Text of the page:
November 19th, 2014 ~ Vol. 84 No. 45
Looking Back - John Kinnear
The Sound of Silence
Crowsnest Pass Herald Front Page
“And the people bowed and prayed To the neon god they made.
And the sign flashed out its warning
In the words that it was forming.
And the sign said, The words of the prophets are written on the subway walls,
And tenement halls,
And whispered in the sound of silence.”
Simon and Garfunkel- 1966

Back in 1999 I began to notice that an annoying persistent ringing in my ears had become much more prominent. It was waking me up at 2 AM. and whenever I found myself in a place of relative quiet, which is rare these days, that continuous high pitch hiss and buzz would fuzzy up my head.
In one of those not so quiet moments back then I came across an article about William Shatner (Captain Kirk of Star Trek) and how he was suffering from a serious case of head noise. It went on to say it was driving him crazy and that it had apparently helped break up his marriage because of the stress it had caused him. Apparently he and Spock had had their hearing damaged by a one-time extremely loud explosion on the film set some time prior to its onset.
It was after reading this that it finally dawned on me that I had been living for some time with something that was not so normal. So the first step I took was to have Doc clean the coal dust and beer caps out of my flaps and then I talked to him about my symptoms. His final word was: "Learn to live with it" and so I reluctantly have. At first I was kind of depressed by the fact that I would never again experience true silence no matter how remote and quiet a spot I found. Then I did what I do best, I did some research.
So try to imagine for a minute living with the continuous sound of a sizzling frying pan in your head. Or, how about the permanent buzz of electrical wires on a cold day in both ears. Ringing, buzzing, whistling, hissing and pulsing are all terms used by those of us cursed to describe a very common affliction these days known as "tinnitus" or head noise. Tinnitus can be intermittent or constant in character, mild or severe in intensity and range from a low roar to a high-pitched type of sound. Whatever its character, it is extremely annoying and worrisome to those who first develop it. According to an audiologist at a Hearing Clinic in Cranbrook that I visited fifteen years ago, the first thing to realize is that tinnitus is most likely a secondary symptom of noise-induced hearing loss. It may be connected to over exposure to loud noise, medications, ear infections, a perforated ear drum or even the normal aging process.
It apparently can be aggravated by loud sounds, caffeine, smoking, excessive alcohol use and stress. Hearing experts generally offer the following explaination for most types of tinnitus. Microscopic hairs in the inner ear are responsible for transmitting sound. Normally, these hairs move in response to pressure from sound waves. Their movement triggers electrical discharge from the auditory cells in our inner ears, which is then interpreted by the brain as sound. If the hairs are damaged, they move randomly and create "noise". The Workman's Compensation Branch likens this damage to the effect our feet have on a lawn. Tromped down enough times grass will eventually loose its resilience and stay flat.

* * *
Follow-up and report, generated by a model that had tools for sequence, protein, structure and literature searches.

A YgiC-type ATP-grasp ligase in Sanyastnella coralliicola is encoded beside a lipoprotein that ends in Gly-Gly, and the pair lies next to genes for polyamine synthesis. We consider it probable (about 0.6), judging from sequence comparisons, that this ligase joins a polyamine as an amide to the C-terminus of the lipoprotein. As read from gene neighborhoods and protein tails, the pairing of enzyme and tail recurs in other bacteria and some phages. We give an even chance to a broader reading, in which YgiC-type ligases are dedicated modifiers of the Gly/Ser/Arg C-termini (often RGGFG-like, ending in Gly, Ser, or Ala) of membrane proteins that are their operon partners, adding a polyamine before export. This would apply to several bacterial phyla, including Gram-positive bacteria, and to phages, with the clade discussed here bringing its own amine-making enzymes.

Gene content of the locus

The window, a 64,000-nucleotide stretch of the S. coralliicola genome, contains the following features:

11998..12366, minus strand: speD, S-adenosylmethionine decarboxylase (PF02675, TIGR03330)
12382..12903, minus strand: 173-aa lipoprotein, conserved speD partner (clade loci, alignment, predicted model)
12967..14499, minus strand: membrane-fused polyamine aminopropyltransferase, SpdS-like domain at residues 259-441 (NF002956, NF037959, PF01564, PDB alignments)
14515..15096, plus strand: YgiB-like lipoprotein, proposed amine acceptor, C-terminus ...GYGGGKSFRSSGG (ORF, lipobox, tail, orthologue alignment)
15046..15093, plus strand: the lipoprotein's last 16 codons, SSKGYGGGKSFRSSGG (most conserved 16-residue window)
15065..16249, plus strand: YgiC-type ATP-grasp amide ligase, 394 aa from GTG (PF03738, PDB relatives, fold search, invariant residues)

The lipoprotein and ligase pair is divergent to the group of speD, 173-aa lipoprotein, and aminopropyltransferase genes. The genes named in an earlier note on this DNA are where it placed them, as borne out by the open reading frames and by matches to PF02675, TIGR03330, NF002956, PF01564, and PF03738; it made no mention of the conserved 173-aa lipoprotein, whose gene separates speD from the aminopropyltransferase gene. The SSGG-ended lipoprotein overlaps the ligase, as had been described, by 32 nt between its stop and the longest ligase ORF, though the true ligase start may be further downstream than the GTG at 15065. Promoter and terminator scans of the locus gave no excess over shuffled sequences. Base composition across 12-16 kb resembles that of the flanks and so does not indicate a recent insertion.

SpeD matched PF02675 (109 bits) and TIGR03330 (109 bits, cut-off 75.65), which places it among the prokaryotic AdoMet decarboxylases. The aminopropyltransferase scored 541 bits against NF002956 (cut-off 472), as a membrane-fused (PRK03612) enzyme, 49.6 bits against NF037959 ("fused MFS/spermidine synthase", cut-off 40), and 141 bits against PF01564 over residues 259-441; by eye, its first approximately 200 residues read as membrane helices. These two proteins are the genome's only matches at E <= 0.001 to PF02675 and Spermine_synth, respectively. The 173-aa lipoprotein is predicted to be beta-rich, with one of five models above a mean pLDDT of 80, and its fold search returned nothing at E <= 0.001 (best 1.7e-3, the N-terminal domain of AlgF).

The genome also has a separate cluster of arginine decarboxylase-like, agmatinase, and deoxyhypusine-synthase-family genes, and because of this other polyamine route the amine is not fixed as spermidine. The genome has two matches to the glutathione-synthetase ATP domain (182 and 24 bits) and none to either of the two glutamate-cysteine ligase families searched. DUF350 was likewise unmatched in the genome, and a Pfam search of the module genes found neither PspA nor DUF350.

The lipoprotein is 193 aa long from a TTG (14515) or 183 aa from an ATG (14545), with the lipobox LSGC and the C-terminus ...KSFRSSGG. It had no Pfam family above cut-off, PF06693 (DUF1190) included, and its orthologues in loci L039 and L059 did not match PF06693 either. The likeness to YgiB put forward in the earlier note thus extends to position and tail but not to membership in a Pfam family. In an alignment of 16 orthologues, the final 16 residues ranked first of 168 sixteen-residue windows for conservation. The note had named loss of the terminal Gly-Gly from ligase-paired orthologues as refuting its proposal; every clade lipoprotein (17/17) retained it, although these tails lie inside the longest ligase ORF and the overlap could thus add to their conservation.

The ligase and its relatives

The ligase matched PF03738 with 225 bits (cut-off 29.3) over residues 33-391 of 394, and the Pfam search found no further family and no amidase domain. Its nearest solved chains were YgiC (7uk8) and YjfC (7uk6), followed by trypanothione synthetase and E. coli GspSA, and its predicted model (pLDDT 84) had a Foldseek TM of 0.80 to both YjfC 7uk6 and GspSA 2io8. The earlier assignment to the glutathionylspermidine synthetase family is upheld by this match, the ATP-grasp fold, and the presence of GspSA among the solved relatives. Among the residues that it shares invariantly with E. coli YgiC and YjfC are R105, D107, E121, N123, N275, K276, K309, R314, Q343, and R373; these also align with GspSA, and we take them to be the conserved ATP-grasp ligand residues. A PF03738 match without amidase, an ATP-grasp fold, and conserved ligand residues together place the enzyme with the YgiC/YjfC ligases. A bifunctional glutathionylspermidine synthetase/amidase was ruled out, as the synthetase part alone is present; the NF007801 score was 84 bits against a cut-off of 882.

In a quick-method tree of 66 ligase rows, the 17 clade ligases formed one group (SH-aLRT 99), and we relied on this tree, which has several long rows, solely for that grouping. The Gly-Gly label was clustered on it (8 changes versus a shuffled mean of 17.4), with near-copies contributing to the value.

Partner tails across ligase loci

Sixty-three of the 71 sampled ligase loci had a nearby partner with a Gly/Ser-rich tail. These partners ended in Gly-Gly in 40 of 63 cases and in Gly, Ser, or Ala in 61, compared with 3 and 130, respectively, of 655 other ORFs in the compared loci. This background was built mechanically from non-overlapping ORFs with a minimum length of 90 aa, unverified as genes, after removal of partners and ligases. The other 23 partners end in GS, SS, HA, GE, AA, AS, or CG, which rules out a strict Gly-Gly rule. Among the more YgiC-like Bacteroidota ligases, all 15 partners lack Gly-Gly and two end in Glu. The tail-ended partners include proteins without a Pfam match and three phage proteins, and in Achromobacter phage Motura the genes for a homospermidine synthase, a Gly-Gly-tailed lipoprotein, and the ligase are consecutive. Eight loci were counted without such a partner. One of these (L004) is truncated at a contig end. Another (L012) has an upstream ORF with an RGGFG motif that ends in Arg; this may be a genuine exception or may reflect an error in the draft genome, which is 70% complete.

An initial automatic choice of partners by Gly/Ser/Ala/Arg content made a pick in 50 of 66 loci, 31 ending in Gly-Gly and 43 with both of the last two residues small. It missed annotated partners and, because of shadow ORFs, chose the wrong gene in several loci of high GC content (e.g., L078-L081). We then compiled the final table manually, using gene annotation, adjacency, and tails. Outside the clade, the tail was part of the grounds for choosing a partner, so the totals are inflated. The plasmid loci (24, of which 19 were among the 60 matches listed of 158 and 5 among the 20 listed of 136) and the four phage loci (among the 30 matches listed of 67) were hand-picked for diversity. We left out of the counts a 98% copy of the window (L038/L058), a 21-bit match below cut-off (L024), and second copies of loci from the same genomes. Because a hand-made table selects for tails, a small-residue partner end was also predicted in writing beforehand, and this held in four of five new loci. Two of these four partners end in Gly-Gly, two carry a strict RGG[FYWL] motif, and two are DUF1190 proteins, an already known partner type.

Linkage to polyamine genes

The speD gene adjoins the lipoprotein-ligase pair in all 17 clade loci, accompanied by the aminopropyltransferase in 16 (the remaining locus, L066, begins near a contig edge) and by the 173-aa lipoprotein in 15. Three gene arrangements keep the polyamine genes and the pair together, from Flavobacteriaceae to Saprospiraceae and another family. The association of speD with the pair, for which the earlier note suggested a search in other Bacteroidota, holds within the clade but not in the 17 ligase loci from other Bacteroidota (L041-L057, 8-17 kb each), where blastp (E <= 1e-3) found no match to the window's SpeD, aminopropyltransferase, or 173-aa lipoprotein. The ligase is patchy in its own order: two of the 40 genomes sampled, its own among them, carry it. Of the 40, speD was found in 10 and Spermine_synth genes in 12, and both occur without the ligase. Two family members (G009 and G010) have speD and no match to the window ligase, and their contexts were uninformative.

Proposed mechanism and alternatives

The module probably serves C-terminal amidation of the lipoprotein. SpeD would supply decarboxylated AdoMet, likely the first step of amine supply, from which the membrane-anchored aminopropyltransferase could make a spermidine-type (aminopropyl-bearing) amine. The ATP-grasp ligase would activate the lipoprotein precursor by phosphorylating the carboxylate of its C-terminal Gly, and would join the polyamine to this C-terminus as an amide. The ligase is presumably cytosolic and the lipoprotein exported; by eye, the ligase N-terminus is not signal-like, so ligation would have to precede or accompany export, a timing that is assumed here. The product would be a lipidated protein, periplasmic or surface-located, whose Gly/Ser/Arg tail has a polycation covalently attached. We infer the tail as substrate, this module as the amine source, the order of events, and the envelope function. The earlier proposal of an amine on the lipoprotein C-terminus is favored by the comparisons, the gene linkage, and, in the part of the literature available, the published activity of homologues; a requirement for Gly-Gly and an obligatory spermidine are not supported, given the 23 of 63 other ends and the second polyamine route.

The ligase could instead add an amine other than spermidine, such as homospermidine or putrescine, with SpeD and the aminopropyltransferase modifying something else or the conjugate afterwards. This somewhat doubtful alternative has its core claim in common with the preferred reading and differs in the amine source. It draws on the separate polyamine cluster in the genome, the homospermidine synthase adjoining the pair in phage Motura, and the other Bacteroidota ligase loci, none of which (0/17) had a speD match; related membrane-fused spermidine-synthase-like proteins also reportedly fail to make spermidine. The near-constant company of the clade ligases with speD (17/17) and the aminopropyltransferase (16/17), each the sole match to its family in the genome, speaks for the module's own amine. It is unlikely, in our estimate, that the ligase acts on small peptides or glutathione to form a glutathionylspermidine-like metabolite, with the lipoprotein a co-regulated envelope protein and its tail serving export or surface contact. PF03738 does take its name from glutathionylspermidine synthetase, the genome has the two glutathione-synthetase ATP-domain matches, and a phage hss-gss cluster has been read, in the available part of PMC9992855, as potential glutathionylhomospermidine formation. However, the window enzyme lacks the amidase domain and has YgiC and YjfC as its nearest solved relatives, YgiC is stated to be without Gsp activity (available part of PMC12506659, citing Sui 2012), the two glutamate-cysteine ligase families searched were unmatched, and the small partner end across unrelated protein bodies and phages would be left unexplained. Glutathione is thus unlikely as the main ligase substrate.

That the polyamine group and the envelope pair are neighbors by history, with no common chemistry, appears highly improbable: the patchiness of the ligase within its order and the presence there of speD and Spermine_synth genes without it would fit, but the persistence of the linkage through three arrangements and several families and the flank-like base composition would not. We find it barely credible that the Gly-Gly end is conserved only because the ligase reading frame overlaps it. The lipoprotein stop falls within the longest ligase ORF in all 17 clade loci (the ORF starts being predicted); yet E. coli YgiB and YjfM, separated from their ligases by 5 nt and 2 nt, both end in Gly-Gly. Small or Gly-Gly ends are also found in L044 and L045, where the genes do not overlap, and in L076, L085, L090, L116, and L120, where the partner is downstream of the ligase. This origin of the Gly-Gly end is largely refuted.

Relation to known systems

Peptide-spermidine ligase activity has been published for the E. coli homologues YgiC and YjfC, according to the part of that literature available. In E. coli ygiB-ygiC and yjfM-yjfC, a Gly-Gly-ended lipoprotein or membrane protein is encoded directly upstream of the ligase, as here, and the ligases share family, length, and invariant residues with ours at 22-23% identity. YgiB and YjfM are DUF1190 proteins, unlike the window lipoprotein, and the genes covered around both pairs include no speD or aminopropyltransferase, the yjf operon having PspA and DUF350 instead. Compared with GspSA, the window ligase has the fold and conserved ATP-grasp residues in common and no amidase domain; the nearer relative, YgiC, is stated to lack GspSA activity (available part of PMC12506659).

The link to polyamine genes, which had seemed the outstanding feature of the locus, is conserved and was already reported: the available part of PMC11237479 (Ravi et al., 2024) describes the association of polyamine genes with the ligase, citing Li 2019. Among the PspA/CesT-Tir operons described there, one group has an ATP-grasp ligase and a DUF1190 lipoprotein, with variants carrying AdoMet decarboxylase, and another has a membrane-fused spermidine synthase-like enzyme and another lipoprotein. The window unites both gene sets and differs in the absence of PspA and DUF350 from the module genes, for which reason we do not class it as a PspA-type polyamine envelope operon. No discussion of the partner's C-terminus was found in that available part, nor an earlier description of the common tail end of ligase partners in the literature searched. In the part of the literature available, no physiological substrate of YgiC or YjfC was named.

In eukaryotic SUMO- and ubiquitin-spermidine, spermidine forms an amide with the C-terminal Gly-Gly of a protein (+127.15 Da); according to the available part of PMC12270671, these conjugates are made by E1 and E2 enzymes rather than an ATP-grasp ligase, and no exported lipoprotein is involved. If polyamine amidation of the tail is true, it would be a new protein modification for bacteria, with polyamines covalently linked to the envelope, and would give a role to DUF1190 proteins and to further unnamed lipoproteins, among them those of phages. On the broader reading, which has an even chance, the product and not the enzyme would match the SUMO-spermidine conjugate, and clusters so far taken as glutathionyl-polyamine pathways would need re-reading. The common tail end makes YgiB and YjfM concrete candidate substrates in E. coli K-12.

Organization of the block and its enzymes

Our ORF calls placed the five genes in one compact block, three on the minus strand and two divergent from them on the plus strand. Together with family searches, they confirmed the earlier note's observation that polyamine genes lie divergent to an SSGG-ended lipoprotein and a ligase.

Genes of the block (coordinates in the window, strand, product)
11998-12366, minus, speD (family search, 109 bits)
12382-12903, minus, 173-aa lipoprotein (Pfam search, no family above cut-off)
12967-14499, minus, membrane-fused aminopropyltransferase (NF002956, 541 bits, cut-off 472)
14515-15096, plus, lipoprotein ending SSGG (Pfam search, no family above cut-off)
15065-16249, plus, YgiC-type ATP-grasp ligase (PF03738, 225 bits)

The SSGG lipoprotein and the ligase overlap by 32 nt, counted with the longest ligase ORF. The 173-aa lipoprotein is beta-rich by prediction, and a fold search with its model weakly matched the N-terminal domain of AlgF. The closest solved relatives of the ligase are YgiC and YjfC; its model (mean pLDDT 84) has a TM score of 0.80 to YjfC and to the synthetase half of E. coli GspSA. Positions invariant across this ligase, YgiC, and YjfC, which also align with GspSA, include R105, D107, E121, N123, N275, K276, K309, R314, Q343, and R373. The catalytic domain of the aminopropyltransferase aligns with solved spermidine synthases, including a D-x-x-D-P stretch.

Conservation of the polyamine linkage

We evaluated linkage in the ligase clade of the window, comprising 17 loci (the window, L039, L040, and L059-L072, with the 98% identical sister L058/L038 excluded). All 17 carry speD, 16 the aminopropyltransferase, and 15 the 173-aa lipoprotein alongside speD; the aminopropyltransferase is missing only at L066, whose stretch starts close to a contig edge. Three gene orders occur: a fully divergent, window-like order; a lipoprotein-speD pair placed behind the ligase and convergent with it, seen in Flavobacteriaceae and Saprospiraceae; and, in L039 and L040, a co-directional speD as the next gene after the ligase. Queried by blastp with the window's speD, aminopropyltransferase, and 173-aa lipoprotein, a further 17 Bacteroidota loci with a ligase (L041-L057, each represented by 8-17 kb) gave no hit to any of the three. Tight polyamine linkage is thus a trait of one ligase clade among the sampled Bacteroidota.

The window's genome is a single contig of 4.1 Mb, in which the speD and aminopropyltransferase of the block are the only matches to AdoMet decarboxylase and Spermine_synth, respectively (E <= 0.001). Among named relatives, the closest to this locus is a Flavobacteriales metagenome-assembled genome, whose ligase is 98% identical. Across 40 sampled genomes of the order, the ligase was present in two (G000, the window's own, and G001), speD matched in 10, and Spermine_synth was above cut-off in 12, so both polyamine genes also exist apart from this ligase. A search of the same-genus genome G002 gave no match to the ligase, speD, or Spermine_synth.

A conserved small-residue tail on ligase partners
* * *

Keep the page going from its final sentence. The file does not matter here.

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For most of us baby boomers who have pounded our inner ear hairs flat with the likes of Steppenwolf and the Rolling Stones rock music or spent a good part of our lives in and around places like coal mines there is not much out there medically to help rectify the problem. Should you develop an abnormal persistent ringing in your ears your first step is to visit your family doctor. He can test for some of the more obvious and common causes like infections, perforations, high blood pressure or wax buildup. One of the symptoms a GP should pick up on is if the ringing is only in one ear. That might lead them to order a cat-scan or some similar type test to look for any hidden factors like a tumor or any other disturbance of hearing pathways. Should he find no clinical cause, here are some helpful suggestions. Try to avoid loud sounds, over fatigue and nerve stimulants (caffeine etc.). Learn to accept your head noise as an annoying reality and promptly ignore it as much as possible. This is entirely possible most of the time by mentally sweeping it aside and focusing on other things.
At bedtime and in quiet surroundings tinnitus is more marked so it might help to try having a loud ticking clock around or a radio tuned to in-between stations to help mask it. I guess this is substituting one type of hiss for another for the brain to interpret.
If your tinnitus is severe your doctor may recommend a hearing aid evaluation as hearing aids can sometimes help mask the problem. Protect your hearing at all times and warn your "rapper" offspring to do the same. Modern 120 decibel rock music was and is a hearing killer and the damage done will not manifest itself for many years to come. Those ear buds cranked up may be cool but sooner or later they will come back to haunt you.
One day you will discover that that omnipresent hiss is not going to go away. For those of us who didn't safeguard our hearing it is a very noisy world out there, even when it is quiet.
November 19th ~ Vol. 84 No. 45
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